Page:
Donald Trump announces that Secretary Clinton has just called him with the congratulations, and so it begins.
Middle class and working class people in America have said they have had enough of corrupt career politicians and now the questions.
Last Friday Donald Trump unveiled a two-minute television advert in which he rails against the political establishment, juxtaposing clips of Hillary Clinton, Barack Obama, George Soros and Janet Yellen against grim images of empty US factories. That was just one piece, but it appears to have worked.
Trump has opposed the proposed Trans-Pacific Partnership deal and called for fundamental changes to the Nafta pact with Mexico and Canada. He has also threatened to impose punitive 45 per cent tariffs on goods from China, stoking fears of a trade war.
Trump has said that Mr Obama’s deal with Iran, which seeks to prevent the Islamic Republic from attaining nuclear weapons, would be dismantled or at least restructured and I suspect a much closer relationship with Russian President Vladimir Putin.
Trump has signed up to the Republican pledge that Mr Obama’s signature Obamacare reforms must be “released and replaced”.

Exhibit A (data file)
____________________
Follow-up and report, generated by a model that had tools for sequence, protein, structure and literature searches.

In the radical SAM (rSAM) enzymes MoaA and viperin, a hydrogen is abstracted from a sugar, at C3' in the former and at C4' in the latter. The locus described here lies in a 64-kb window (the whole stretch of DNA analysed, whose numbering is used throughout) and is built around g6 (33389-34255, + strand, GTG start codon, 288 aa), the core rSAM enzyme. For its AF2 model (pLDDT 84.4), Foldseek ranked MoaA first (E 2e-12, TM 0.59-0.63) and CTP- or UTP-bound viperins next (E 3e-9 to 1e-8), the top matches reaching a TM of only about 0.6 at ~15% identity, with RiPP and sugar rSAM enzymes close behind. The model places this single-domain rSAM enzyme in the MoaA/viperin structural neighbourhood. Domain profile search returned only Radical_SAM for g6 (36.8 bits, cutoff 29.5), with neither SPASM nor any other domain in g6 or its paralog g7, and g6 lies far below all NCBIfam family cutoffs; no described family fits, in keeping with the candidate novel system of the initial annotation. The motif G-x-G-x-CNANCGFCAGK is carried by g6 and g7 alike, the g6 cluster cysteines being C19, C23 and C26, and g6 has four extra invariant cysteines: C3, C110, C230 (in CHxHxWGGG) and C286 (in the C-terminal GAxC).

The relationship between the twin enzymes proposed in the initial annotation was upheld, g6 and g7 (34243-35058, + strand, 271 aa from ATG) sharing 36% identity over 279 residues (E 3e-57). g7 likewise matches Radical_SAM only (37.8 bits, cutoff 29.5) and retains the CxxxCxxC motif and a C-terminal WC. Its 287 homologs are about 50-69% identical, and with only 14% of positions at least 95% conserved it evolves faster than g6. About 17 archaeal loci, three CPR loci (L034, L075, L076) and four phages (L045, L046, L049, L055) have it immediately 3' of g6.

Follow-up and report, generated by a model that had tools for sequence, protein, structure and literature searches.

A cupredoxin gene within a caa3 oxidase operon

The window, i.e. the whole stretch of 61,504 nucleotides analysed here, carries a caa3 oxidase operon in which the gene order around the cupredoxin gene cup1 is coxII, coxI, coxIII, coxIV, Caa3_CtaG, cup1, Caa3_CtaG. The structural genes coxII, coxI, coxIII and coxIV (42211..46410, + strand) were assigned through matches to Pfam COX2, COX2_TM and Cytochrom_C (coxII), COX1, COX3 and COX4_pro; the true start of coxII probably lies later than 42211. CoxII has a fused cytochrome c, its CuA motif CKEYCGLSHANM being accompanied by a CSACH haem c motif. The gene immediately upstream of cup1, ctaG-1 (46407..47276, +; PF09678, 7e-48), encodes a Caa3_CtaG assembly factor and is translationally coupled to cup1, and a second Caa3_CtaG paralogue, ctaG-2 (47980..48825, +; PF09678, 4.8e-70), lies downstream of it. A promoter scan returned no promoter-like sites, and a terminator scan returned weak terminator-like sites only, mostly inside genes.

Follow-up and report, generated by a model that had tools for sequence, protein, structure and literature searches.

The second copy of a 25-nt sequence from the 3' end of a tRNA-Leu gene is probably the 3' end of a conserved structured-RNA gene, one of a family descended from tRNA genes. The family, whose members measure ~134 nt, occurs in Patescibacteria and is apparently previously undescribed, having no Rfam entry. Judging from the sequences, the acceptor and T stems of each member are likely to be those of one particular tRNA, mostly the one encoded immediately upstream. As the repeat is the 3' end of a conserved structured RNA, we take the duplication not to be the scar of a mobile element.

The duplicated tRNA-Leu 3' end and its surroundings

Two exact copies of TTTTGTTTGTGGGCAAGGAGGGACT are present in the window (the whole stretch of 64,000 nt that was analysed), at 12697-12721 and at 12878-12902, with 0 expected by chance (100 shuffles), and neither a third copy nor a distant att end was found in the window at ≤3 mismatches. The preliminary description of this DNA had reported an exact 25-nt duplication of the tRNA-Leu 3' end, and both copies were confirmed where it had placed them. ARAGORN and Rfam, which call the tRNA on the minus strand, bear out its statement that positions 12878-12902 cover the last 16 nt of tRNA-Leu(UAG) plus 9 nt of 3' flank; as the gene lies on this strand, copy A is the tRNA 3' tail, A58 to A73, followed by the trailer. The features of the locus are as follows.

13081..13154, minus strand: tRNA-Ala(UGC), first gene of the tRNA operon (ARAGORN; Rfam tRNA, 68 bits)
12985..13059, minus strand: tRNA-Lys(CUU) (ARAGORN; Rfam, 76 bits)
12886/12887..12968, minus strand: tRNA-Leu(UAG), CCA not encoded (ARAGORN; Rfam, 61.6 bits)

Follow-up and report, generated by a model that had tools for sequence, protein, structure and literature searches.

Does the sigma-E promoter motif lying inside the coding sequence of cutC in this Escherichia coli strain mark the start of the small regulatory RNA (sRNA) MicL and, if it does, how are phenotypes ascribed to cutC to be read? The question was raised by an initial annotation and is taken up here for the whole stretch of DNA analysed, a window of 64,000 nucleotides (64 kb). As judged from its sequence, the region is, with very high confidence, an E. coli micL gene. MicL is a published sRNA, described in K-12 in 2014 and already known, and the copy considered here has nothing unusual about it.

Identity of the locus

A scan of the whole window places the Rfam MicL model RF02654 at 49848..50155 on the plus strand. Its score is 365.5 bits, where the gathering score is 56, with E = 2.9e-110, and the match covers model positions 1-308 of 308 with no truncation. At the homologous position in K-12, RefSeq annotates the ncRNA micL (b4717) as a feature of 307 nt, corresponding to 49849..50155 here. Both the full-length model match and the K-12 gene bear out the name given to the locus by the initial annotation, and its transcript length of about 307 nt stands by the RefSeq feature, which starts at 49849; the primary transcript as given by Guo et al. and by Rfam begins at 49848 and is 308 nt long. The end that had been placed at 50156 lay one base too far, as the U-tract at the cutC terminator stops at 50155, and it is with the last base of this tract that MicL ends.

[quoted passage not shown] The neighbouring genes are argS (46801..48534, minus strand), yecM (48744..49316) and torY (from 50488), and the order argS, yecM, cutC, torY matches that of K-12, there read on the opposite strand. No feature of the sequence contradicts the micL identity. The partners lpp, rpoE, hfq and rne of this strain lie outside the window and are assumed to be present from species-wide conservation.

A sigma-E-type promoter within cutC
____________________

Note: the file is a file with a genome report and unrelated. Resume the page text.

Trump has promised the biggest tax revolution since Ronald Reagan, pledging to cut taxes across the board. He says no American business would pay more than 15 per cent of their profits in tax, compared with a current maximum of 35 per cent. The top rate of tax would fall from 39.6 per cent as the Republican reduces the number of tax brackets.
With the highest court in the land currently split 4-4 between conservative and more liberal judges, Trump faces relatively easy confirmation of his pick by a Republican Senate.
Trump has called global warming a hoax invented by China to make US manufacturers uncompetitive and vowed to “cancel” the Paris climate agreement, which built on a deal Mr Obama struck with China.
Trump has campaigned on his pledge to build a wall on the Mexican border, called for a ban on Muslim immigration and the deportation of 11m unauthorised immigrants. However, he has subsequently made more ambiguous statements, promising instead “extreme vetting”.